Two somewhat intertwining themes in many of the presentations at this year’s Malofiej conference (and last year as well) were what role interactivity and storytelling should play in data visualization. I think these two issues are related, and both of them are extremely important for our profession.
New York Times’ Archie Tse memorably told the conference (in 2016) that “readers just want to scroll” and that “if you make the reader click or do anything other than scroll, something spectacular has to happen.” That is, most of the visitors on a newspaper’s site don’t deeply interact with the graphics on the site, but instead prefer to just scroll and treat the interactive visualizations as static pictures.
Gregor Aisch published today a blog post titled “In defense of interactive graphics” which adds more shades of gray. I found this a particularly salient point: “– – you should not hide important content behind interactions. If some information is crucial, don’t make the user click or hover to see it – –. But not everything is crucial and 15% of readers isn’t nobody.” Another good point he makes is that letting the readers explore the data in detail helps spot mistakes and correct them.
Not all users and all use cases are as important! A sizeable part of my own work consists of doing interactive visualizations for public sector clients. Although the broadly defined target audience might be “anyone interested in the issue” very often there is a much, much smaller core audience, sometimes only a handful of people, whose needs are very different from a random visitor. These might be e.g. MPs who write legislation on the issue my client has a stake in, or experts in the subject matter working in a different arm of government. Such users are often much more invested in the issue to begin with, more knowledgeable on the topic, and more willing to spend time exploring a dataset. These past two days we heard of many examples of projects which may not have been huge hits with readers, but which helped journalists working within the newsroom to find stories. All these are examples of cases where you shouldn’t decide whether the graphic was succesful based only on how the 85% or 99% or users interacted (or didn’t) with it, but also take into account that some users are more valuable to you than others.
This brings us to the issue of storytelling. Jon Schwabish’s presentation discussed the topic at length yesterday, and in response to Jon’s thoughts Chad Skelton made the point in his blog that a literary story is different from a news story. I think this is true and important, but I would still argue a news story is called a “story” for a reason.
A story is defined in the dictionary as “an account of imaginary or real people and events told for entertainment”, “a piece of gossip; a rumour” – or even “a false statement; a lie”. (In a Finnish newsroom, likewise, a news story is called juttu; literally an anecdote, a yarn, even a joke.) The common theme here is that “a story” includes at least a somewhat subjective point of view, and a narrative arc, with which the writer or speaker ties a bunch of disparate facts together as a coherent explanation of a part of the world, whether or not that explanation is true. (Nathaniel Lash also touched on this issue in his presentation today.) A table of numbers is not a story (though a data journalist might see a story in that table), nor should an entry in a dictionary or encyclopedia be.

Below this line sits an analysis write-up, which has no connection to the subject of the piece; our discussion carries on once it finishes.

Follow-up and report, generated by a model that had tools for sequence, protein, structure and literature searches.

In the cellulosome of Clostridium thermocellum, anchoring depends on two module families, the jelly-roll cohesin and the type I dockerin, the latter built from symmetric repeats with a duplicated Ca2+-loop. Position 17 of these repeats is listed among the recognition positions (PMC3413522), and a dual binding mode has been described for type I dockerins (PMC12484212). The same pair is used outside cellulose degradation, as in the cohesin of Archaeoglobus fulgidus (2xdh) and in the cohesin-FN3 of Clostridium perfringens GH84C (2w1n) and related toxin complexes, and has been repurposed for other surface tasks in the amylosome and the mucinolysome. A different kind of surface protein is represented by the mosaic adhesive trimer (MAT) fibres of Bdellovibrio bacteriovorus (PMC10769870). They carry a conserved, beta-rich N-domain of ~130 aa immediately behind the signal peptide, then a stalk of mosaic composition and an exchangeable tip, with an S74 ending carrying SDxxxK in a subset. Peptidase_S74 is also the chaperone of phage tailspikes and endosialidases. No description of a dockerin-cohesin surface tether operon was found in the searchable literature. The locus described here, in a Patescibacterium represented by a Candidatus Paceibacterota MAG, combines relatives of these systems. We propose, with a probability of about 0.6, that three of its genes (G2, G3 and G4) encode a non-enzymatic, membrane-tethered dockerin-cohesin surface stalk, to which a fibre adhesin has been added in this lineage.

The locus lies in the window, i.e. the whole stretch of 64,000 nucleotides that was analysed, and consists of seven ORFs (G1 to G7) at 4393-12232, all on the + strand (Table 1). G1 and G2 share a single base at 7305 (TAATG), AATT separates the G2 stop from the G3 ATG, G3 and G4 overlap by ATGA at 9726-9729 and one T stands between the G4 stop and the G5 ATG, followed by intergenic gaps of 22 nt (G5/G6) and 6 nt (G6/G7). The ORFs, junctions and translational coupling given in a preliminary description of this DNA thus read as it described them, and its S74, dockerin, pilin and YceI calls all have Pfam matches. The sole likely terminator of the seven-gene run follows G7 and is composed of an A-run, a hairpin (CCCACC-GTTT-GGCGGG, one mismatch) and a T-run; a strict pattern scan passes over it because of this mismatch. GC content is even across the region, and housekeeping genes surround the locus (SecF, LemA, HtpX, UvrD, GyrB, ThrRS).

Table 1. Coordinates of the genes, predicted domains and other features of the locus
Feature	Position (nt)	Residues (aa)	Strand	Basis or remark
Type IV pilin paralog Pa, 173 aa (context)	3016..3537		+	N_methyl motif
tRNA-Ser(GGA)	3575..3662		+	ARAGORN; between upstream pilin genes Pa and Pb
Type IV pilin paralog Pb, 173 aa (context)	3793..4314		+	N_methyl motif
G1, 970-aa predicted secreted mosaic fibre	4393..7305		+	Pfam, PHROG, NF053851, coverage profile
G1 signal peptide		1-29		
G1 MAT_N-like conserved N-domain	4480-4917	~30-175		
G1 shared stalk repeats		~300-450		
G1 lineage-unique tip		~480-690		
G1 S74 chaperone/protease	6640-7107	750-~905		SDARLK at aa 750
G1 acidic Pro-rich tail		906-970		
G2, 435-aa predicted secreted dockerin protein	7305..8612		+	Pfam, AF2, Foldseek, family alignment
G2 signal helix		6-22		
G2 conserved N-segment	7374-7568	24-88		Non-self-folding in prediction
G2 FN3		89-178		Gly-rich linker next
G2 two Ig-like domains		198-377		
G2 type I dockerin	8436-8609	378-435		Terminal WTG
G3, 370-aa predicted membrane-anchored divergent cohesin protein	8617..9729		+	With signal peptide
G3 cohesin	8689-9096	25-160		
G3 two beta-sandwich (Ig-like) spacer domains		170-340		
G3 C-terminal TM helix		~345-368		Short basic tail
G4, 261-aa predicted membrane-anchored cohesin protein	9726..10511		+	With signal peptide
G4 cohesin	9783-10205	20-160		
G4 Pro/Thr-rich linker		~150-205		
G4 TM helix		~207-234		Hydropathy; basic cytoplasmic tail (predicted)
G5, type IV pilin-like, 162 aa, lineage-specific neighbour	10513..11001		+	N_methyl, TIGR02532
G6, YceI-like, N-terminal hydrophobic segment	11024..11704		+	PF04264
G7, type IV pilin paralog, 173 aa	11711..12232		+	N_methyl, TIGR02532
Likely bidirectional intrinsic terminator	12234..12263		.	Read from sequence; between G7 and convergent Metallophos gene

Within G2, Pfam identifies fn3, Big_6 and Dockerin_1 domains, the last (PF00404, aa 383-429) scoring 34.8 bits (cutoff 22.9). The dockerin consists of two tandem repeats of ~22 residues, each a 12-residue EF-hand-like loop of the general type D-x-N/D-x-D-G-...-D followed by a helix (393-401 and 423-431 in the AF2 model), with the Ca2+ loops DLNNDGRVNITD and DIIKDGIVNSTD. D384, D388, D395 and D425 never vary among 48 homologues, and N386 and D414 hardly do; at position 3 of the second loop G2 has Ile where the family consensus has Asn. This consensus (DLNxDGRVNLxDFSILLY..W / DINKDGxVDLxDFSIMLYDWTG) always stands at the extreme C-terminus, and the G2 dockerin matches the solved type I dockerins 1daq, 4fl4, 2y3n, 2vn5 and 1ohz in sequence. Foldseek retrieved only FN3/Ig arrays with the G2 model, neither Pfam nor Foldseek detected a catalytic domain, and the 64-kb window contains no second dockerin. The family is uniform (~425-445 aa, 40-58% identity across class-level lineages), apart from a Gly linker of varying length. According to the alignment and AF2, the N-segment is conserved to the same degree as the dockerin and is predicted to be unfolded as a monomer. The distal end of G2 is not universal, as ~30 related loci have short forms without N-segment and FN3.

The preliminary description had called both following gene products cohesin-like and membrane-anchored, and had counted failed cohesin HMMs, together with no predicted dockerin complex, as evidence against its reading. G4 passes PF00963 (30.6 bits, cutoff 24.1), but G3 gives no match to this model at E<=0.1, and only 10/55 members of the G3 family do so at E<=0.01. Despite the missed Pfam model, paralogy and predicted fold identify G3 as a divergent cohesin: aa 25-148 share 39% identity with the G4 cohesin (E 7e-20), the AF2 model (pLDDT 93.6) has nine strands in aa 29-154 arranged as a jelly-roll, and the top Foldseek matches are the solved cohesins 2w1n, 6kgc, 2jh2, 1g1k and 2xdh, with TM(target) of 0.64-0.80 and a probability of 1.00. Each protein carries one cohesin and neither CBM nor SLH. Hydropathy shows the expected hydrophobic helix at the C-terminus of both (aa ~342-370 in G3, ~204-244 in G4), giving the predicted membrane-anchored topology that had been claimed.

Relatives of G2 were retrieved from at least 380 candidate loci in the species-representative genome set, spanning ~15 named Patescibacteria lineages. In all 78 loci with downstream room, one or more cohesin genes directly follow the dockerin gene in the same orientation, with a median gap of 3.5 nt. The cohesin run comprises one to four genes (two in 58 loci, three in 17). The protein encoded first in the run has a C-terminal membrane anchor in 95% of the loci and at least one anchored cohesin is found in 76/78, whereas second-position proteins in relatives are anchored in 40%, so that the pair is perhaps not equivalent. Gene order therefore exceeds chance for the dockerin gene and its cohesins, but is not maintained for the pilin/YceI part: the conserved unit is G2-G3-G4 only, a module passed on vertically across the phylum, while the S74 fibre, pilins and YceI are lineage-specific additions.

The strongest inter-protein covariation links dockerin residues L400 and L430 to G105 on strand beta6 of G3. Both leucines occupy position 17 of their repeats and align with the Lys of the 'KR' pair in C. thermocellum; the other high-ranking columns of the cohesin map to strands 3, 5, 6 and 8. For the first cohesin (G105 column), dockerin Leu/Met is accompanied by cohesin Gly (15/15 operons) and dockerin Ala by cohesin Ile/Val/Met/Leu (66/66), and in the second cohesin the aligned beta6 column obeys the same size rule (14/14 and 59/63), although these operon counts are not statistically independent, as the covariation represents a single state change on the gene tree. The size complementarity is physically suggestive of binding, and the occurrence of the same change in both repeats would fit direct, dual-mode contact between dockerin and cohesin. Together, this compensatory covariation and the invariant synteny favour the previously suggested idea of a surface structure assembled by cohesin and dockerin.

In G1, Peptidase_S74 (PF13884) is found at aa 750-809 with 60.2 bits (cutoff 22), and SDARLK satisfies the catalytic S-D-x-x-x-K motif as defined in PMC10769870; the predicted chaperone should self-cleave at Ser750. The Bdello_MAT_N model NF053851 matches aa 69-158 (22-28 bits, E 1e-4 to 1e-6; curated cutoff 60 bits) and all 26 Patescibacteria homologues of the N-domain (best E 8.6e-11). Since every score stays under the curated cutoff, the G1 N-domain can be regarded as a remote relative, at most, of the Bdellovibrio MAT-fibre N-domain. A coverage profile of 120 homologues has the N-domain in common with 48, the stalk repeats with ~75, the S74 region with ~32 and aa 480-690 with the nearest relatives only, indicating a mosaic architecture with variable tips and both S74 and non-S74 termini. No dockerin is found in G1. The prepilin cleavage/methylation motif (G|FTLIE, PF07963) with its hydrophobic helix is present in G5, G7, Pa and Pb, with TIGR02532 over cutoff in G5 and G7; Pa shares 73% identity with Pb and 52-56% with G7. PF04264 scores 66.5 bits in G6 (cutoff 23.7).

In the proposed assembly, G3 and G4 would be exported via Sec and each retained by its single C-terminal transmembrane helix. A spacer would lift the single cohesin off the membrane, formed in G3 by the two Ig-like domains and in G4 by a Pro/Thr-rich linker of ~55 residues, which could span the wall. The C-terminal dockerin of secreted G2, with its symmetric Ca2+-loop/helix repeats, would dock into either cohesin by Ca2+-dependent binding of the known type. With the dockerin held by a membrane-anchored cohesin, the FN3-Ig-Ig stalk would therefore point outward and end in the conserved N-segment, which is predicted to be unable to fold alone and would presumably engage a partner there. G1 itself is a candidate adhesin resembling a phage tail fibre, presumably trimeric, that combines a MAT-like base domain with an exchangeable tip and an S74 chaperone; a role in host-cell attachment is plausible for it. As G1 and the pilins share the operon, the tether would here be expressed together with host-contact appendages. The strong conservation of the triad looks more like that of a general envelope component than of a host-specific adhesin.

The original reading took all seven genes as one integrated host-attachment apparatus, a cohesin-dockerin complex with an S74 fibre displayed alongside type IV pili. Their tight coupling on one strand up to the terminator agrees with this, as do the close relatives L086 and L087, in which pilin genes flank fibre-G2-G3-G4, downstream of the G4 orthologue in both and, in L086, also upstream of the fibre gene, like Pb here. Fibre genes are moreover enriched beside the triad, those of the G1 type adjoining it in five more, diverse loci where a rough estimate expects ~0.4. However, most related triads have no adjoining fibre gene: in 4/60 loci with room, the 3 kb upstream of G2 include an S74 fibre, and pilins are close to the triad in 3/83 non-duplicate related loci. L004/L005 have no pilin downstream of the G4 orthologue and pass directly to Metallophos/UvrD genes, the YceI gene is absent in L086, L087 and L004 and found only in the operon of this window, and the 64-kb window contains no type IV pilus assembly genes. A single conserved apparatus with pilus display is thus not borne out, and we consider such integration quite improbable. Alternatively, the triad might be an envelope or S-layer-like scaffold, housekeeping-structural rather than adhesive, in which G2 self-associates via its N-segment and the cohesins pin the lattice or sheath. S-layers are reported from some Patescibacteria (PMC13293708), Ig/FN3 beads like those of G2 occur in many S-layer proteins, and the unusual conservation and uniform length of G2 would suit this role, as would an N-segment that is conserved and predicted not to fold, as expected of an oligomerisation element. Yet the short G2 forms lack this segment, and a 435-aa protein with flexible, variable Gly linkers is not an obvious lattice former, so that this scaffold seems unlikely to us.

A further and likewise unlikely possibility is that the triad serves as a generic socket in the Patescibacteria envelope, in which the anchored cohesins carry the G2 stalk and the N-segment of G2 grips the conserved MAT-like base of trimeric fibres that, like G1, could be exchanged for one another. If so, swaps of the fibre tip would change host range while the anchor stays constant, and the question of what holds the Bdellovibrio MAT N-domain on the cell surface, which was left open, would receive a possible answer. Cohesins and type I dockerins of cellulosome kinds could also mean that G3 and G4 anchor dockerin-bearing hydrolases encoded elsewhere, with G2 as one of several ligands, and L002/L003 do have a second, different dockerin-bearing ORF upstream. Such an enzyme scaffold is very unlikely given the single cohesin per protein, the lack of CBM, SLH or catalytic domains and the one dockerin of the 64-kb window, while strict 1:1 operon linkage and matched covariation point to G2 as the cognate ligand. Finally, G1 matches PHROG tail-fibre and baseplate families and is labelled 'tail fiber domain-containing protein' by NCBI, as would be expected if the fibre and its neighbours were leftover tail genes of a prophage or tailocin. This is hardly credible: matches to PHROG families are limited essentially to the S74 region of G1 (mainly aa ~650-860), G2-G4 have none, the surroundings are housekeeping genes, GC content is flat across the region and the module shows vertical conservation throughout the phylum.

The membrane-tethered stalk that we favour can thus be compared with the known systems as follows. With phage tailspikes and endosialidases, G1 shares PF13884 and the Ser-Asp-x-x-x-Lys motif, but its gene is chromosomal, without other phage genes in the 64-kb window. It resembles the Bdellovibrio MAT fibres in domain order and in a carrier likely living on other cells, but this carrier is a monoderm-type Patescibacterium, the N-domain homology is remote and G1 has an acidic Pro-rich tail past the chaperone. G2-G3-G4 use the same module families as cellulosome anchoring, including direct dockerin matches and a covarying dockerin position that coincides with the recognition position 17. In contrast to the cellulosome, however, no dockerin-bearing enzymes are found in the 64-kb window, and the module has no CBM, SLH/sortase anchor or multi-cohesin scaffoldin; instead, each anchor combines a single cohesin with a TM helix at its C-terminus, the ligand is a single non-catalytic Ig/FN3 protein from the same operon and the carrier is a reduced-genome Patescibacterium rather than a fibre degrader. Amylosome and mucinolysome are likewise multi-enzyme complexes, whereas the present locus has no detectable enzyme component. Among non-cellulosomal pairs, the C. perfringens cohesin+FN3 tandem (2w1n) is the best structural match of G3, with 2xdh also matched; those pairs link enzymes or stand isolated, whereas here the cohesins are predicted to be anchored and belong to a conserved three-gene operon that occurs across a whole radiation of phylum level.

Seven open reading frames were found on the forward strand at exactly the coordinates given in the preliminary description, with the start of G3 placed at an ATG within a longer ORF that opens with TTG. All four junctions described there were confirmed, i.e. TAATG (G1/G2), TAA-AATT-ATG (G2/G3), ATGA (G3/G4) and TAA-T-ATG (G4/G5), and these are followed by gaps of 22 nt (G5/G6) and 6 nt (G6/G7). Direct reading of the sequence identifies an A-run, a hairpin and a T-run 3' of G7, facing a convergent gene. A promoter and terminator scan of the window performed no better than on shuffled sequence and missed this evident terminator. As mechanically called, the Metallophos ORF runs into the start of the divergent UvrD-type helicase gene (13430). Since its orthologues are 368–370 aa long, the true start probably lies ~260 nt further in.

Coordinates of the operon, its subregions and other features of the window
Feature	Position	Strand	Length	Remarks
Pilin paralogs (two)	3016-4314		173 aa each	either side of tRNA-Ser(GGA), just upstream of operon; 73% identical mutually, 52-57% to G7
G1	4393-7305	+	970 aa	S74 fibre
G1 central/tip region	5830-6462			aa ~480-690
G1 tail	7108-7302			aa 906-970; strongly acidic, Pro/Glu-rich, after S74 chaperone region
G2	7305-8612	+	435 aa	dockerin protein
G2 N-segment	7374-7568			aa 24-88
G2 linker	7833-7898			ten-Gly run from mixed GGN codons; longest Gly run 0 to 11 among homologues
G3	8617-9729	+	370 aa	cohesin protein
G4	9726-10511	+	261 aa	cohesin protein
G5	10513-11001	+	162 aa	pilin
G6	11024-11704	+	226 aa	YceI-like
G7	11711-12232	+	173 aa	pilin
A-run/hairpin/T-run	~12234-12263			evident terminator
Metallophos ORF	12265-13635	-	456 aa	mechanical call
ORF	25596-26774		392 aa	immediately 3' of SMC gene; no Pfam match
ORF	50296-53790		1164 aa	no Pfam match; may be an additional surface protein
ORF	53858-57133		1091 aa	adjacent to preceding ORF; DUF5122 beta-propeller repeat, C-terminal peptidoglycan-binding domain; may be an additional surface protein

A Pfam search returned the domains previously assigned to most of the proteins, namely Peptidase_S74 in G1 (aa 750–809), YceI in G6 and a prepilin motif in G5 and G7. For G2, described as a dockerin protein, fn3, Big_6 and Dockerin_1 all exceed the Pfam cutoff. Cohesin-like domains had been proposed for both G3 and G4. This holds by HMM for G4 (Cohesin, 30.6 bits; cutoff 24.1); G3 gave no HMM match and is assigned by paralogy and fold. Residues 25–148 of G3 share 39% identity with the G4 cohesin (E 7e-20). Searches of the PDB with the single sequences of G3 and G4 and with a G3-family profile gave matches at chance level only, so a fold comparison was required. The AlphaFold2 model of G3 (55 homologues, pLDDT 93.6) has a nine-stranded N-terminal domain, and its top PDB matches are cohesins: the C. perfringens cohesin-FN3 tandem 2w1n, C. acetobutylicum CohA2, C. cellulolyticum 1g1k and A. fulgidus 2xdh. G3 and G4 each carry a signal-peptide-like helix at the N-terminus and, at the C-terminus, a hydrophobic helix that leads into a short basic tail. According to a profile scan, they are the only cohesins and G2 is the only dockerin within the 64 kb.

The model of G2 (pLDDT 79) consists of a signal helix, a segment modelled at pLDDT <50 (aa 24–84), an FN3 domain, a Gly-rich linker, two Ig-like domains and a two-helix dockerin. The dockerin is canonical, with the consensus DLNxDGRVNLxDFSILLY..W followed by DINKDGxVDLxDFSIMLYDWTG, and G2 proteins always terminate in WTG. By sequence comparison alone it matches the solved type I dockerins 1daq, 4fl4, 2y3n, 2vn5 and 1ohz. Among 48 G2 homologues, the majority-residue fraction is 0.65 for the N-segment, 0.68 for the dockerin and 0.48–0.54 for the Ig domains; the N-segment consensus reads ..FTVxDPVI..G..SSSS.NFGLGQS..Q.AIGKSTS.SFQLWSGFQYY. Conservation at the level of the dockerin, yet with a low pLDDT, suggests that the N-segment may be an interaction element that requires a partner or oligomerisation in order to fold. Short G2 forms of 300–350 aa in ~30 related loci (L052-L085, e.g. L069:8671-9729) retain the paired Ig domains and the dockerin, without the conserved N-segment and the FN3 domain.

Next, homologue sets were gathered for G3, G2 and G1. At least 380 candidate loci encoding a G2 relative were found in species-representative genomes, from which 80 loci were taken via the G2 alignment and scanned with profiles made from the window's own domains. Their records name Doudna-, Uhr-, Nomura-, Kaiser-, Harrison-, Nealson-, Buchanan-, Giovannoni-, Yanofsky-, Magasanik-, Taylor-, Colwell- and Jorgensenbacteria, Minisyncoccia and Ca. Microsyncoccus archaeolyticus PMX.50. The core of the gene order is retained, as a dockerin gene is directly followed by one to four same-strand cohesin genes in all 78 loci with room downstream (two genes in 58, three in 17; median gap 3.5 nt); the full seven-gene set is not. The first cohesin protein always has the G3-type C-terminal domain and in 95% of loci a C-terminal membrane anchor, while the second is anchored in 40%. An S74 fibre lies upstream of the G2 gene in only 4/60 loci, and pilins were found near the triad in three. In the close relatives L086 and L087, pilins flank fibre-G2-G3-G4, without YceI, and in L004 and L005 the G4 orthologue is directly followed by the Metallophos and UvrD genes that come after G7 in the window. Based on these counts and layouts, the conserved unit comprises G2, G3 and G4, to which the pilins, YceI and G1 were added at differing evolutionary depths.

I found Anna Flagg’s presentation today extremely relevant for very many reasons, but one issue she discussed I want to specifically mention here was the question of perceived bias in journalism and how to combat that perception. She mentioned a survey according to which in the U.S., a whopping 71% of Trump supporters and even 50% of Clinton supporters wanted the media to report just the facts without including any interpretation their own. As professionals, we understand that, if taken literally, such reporting would probably not be possible and certainly not very useful. Nevertheless, these numbers are indicative of mistrust in the capacity and willingness of the media to report the facts fairly.
I would argue that part of the problem here is that we think of what we are doing as storytelling. A story is a structure which helps to connect disparate pieces of information (factual or not) into a coherent whole, to better understand and remember it. But what if those pieces, even if true, do not objectively fit into a coherent whole? How do we guard against the temptation of seeing a story where there isn’t one in reality? The journalistic code of ethics helps in weeding out intentionally misleading and plain sloppy reporting. I’m not sure it helps as much when the problem is journalists seducing themselves with their own stories.
This brings us back to the issue of interactivity. A non-interactive story is just that, a story – a necessarily somewhat subjective narrative arc tying up the facts into a coherent whole. Such a story can be informative and useful, but it is not transparent.
To add transparency to a data-driven story, add interactivity. Instead of showing just the portion of the data the journalist thinks is most relevant for the readers, let them explore the rest as well – if they so prefer. It seems most readers won’t take up the offer; despite saying they want just the facts without interpretation, based on New York Times’ experience most people seem to prefer the journalist’s interpretation of the data to exploring it on their own. But the minority who is interested in and willing to explore the data exists. We should cater to them as well as the majority.
Not only to give them an engaging experience and a better understanding of the world, but also to keep ourselves honest.